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YOU CAN HELP OREGON LIONS

Oregon still allows trapping on much of its public lands.


Mountain Lions in Oregon are losing their habitat to human development resulting in increased stress, competition, and human/lion contact. Oregon allows year-round hunting for mountain lions and the entire state is open. Only spotten kittens and mothers with spotted kittens present are protected from hunting.

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  • Return to the portal page for Oregon.

  • The status of puma concolor in Oregon.

  • State law and regulations affecting cougars.

  • The history of cougars in Oregon.

  • Ecosystems and habitat in Oregon.

  • Cougar science and research in Oregon.

  • Our library of media, research and reports.

  • How you can take action to help!






More About Oregon's Cougars


In the near term future, Oregon may consider reinstating hound hunting. Keep an eye out for updates about this process.


Here's what you can do:


Immediate Steps:

  1. Build a coalition to learn from and educate people on how to peacefully coexist with the mountain lion population.
  2. Contribute a positive voice. Write a letter to your local newspaper expressing your excitement about local mountain lions and your views on the importance of protecting them.
  3. Distribute educational information on how residents can protect their pets and livestock. Consider animal shelters, veterinary clinics, 4H clubs, Scouting organizations, FFA, shooting clubs, and any other pertinent public locations as potential outlets.
  4. Email policy@mountainlion.org and suggest local officials friendly to mountain lion conservation in Michigan.

Interim Steps:

  1. Become familiar with Oregon hunting and wildlife policies. Reach out to MLF and wildlife experts. Then attend relevant town, commission and council meetings and ask them to:
    1. Develop a Mountain Lion Management Plan that will protect mountain lion habitat
    2. Call for a habitat impact assessment to be conducted prior to expanding human development
    3. Demand an economic analysis of taxpayer costs involved in state mountain lion kills
  2. Do you know of a state official that may understand the importance of protecting mountain lions in Oregon? Write to them:
    1. Request to shorten the mountain lion hunting season
    2. Request the removal of mountain lions from game species classification
    3. Ask them to ensure non-lethal steps are required to remove or deter mountain lions from damaging property before considering lethal action.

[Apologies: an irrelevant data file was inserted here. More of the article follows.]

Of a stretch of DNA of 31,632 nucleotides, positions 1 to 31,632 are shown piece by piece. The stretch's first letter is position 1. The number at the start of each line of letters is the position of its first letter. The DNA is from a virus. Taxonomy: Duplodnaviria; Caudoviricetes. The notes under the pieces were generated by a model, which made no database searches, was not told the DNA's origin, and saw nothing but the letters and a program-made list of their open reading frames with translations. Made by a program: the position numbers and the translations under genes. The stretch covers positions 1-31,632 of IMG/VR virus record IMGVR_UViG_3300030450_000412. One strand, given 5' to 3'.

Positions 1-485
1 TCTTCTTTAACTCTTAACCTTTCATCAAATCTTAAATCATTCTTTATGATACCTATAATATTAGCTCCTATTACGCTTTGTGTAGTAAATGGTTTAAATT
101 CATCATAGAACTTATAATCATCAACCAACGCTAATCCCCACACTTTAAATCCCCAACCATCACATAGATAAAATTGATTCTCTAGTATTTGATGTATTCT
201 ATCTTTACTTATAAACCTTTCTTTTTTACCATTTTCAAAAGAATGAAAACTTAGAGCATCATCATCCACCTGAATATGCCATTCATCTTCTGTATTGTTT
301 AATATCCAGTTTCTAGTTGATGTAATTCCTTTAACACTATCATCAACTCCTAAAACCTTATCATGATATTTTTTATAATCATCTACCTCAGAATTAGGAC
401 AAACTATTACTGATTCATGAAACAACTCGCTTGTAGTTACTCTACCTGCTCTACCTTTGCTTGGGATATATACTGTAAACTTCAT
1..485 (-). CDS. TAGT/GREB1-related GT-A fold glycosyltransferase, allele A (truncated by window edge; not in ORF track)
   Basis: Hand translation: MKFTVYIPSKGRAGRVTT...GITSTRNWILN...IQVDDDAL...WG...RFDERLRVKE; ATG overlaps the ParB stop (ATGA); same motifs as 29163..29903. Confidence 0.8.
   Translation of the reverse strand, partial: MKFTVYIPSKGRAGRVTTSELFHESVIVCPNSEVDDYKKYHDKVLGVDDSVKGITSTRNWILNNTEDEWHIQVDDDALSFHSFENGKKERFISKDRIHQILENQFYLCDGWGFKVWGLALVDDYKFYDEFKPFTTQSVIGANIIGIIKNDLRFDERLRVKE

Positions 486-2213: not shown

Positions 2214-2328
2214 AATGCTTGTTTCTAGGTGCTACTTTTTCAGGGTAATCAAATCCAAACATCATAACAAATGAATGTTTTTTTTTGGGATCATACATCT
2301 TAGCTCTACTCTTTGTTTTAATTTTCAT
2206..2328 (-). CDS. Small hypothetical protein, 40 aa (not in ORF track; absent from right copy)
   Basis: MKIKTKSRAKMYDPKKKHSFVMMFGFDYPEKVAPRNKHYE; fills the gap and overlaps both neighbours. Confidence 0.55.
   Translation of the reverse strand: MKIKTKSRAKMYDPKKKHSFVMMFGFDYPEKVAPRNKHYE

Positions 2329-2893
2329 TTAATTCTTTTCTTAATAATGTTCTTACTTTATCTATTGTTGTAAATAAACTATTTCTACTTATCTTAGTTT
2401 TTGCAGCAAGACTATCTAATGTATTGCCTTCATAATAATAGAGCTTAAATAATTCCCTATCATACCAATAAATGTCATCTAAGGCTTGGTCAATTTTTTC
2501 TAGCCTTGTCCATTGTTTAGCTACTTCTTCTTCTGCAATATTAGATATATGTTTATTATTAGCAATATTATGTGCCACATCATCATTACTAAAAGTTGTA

4. Demand a stop to the use of hounds and artificial light when hunting lions.

Long term Steps:

  1. Request to meet with your state legislators to talk about developing a liability initiative to incentivize or require owners be take certain measures to protect their pets or livestock from mountain lions.

 
Graph of human-caused lion mortality in OR.

Click here to view our Activist Guide...

Becoming a Mountain Lion Activist

There are lots of opportunities to take action!

Are you new to mountain lion activism? You want to change your local environment to improve it for cougars... but you don't know how to start. You may feel like you are all alone... but it takes just one person to change the attitudes and lifestyles of hundreds of others. You don't need to belong to a group. It doesn't take special skills or superhuman abilities. You just need to care enough about cougars to want to help them survive. You've already done the hard part, now let us help you with the next step.

Click here to open a new window and visit the agency's website...

Oregon Department of Game and Fish.

Commonly abbreviated as: ODFW

Curt Melcher, Director

Main Office:
4034 Fairview Industrial Drive SE
Salem, OR 97302
(503) 947-6000
odfw.info@state.or.us


Carnivore-Furbearer Coordinator
Derek Broman
4034 Fairview Industrial Drive SE
Salem, OR 97302
(530) 947-6095
Derek.j.Broman@state.or.us

Please write to the director and express your concern for lions in Oregon.

Thank the agency when they take steps to protect our state's cougars. When they fall short of expectations, politely ask for policy reform and more officer training.
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